One would like to imagine that the entrance to UNStudio in Amsterdam would be as spectacular as its architecture - a complex spatial continuum spiraling into the depths or all four floors connected with each in a single flow. The office as a coherent Möbius strip or a double helix curve twisting together with long ramps.
The reality is far more sober. An inconspicuous black door, a tiny nameplate, behind which there is a long, sparse corridor leading to a small elevator in which a single sign reads “UNStudio, 2nd Floor”. Even in an architecture studio like this, which is so dedicated to disbanding architectural elements and liberating spatial flows, the building is ultimately divided into conventional “floors”. Incidentally the workspaces, too, do not form a flowing line through the building, unfolding at times as desk, wall or shelf, they are simple: Desks, chairs, computers. No strange hybrids in front of them, simply human workers: One cannot help but feel slightly disappointed.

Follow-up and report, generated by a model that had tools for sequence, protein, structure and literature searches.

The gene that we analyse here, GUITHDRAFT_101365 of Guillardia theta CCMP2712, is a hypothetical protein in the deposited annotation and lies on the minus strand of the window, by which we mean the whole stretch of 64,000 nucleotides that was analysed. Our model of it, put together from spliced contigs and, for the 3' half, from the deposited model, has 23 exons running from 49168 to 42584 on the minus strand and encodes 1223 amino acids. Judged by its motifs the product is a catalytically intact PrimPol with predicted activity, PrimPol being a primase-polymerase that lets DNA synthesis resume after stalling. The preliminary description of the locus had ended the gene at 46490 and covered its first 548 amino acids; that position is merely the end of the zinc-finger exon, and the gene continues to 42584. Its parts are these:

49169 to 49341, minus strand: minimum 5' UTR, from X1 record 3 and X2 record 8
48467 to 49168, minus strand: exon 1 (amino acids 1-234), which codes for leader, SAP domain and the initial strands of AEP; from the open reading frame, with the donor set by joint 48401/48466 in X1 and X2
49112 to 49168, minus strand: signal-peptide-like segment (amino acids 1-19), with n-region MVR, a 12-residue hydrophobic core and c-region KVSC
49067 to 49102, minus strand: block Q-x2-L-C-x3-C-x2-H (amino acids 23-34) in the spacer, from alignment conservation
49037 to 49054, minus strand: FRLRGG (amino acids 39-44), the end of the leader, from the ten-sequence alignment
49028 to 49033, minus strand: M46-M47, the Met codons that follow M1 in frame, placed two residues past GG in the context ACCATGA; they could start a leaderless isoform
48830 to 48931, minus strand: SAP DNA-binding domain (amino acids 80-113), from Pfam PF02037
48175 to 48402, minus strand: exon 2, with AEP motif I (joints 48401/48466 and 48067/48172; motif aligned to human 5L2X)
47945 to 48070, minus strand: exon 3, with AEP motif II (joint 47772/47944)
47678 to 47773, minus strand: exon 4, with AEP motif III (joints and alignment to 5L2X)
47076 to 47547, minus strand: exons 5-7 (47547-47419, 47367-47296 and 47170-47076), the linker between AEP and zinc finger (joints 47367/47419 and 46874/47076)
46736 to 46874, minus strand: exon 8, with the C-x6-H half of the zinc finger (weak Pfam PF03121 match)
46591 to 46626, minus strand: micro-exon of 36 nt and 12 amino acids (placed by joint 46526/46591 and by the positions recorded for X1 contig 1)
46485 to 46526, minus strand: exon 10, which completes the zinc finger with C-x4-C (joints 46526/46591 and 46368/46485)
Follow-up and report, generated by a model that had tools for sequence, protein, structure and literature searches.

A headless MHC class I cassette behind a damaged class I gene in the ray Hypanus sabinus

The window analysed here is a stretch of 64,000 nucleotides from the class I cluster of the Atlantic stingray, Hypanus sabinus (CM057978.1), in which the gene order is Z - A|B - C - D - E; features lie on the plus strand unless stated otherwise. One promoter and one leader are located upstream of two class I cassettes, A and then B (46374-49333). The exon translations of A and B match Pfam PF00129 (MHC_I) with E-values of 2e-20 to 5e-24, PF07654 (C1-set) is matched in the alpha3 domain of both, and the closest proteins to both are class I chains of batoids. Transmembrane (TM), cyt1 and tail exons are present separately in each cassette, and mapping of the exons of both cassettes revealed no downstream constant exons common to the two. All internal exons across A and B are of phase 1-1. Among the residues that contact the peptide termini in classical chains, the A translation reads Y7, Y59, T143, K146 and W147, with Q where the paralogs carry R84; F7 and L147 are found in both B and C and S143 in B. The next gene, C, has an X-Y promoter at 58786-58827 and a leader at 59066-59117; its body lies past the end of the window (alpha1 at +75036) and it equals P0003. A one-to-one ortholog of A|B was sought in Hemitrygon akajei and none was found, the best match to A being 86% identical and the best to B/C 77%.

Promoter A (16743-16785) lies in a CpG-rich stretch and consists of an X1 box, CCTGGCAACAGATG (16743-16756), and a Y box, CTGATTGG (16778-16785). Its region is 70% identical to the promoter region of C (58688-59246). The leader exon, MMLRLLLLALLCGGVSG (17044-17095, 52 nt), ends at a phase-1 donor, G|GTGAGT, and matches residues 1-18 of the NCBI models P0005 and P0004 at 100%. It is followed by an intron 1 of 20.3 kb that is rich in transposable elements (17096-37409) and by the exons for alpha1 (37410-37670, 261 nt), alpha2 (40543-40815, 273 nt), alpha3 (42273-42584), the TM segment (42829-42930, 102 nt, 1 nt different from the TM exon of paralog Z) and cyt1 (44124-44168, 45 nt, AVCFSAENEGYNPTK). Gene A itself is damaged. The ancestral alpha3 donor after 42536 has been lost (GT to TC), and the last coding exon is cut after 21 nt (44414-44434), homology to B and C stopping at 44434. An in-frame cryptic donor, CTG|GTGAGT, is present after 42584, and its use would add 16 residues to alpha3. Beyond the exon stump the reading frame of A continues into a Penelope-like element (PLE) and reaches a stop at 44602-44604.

Caroline Bos and Ben van Berkel founded the studio more than 20 years ago. They met in London, where they studied in the late 1980s - she Art History at the University of London and he architecture at the AA. They came together in the process of formulating fundamental ideas on architecture. “Caroline is simply a different type of architect,” says van Berkel. “Coming from a family of authors she places great value on how things are formulated. She approaches our projects more from a conceptual and linguistic angle. Her hypothesis is if we cannot formulate the project’s concept precisely enough then it is highly likely that it is a bad concept. Ideas which are not clearly formulated are simply not strong enough.” And in this way Caroline Bos is the critical force behind the architect Ben van Berkel who is tireless in his quest for things new, and for knowledge. UNStudio, Amsterdam Their teamwork has proved to be productive, creative and successful - in more or less equal part. Theoretical and practical work are still allotted the same importance in the “van Berkel & Bos Architectuurbureau” opened in Amsterdam in 1988. The first monograph (“Ben van Berkel“, 010 Publishers) was published back in 1992 and presented concepts, studies and articles - he had only completed one full project at the time. However, other publications quickly followed: “Mobile Forces” (Ernst & Sohn, 1994) is a basic manifesto on his own design principles, and just one year later the El Croquis monograph (No. 72) shows just how great the international recognition for his theoretical and practical work already is.